Prime time baseball in Philadelphia! The Phanatic in the TV booth! Cheesesteaks devoured on-air by the ESPN crew! Something called “whiz wit sauce,” according to Philadelphia expert Matt Vasgersian! Three games into the season, and already, the Phillies are at the center of baseball at its finest.
Going into tonight’s game, the Phillies offense had been as productive as promised, taking no prisoners in the first two games against the Braves, who have appeared helpless to stop them. They had outscored the Braves 18-11 by the time they scored their first run tonight. Like on opening day, it came in the form of an Andrew McCutchen home run in the bottom of the third, tying the game back up after Jake Arrieta’s early command issues had allowed a run to score on a passed ball. Braves rookie starter Kyle Wright wasn’t faring too much better than the veteran Arrieta, and in fact got himself into plenty of trouble in the fifth.
The at first muttered but now shouted descriptor of the Phillies is “deep,” referring to the volume of threats in their new-look lineup. Some hitters are more fearsome than others, but in general, as an opposing pitcher, you’re not going to be able to walk your way around anyone much, given who may be batting behind them. It’s a hard lesson that Wright learned tonight when he tried to address the middle of the Phillies order by giving them nothing to hit. It kept them off the scoreboard briefly—he also hit Jean Segura with a pitch during this sequence—but Bryce Harper and Rhys Hoskins were each patient at the plate. With two runners on, Harper loaded the bases while Hoskins pushed a run across. J.T. Realmuto added another run with a sac fly.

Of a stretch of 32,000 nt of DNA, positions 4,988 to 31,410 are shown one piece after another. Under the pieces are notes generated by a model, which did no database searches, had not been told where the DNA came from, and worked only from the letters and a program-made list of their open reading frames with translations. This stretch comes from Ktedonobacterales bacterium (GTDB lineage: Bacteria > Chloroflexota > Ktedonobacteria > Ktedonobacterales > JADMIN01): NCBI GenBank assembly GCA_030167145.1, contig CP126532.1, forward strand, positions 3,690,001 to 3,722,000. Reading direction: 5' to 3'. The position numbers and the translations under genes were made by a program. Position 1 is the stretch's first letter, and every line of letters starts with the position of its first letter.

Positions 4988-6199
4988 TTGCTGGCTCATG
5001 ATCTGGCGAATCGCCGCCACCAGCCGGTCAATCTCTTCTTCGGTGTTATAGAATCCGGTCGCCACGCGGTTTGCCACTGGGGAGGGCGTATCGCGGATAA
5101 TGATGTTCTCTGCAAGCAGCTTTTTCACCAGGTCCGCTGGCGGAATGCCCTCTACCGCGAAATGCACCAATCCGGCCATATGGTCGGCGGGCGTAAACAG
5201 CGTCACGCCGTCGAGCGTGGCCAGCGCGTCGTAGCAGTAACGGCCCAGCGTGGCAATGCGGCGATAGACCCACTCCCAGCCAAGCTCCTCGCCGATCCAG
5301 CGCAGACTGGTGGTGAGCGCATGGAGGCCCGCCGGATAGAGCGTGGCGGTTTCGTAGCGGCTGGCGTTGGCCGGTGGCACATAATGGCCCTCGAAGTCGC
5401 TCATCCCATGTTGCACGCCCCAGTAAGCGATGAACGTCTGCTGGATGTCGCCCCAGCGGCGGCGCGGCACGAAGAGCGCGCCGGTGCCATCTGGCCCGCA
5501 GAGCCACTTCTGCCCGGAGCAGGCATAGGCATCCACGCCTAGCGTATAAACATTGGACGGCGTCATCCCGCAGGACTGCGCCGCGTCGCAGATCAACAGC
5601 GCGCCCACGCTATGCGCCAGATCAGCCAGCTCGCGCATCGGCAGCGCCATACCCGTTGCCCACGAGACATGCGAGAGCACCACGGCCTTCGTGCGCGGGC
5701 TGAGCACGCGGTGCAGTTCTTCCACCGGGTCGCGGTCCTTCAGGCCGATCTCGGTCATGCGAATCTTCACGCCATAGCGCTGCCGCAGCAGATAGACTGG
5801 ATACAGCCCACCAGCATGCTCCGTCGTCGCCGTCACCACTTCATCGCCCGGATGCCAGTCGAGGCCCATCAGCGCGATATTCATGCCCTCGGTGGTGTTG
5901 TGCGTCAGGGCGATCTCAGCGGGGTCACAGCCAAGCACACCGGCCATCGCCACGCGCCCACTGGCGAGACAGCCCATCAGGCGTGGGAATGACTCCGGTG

The Phillies still had only two hits at this point, but that would change. The thing everybody was in the stadium to see happen happened in the seventh, when Harper boomed his second home run as a Phillie into the outer reaches of space. Braves reliever Shane Carle, after being victimized himself by Harper, greeted Hoskins with a pitch that tickled slugger’s torso. Hoskins was, somehow, not laughing as he went to first base and inexplicably umpire Rob Drake took the act even more personally, ejecting Carle without hesitation. This may have set the stage for a season of scowling and chirping between these two dugouts. A Maikel Franco single rolled another run past the Braves, giving the Phillies the 5-1 lead with which they would end the game.
Arrieta got eaten up by walks, issuing six free passes—but only half as many hits—and surviving his control issues by keeping the Braves from getting their base runners in more than just the one time. Adam Morgan, Pat Neshek, and Hector Neris covered the last three frames with a combined one hit and zero runs.
Even Odubel Herrera and Cesar Hernandez, who each went 0-for-4 tonight, were hitting line drives for outs (though Herrera’s first AB of the game in the first with the bases loaded was... undisciplined). Jake Arrieta had a long AB against Wright, driving a liner to center that wound up caught by Ender Inciarte. Tonight was another lesson in what we have in this Phillies team: A lineup formidable up and down, no matter what time they play.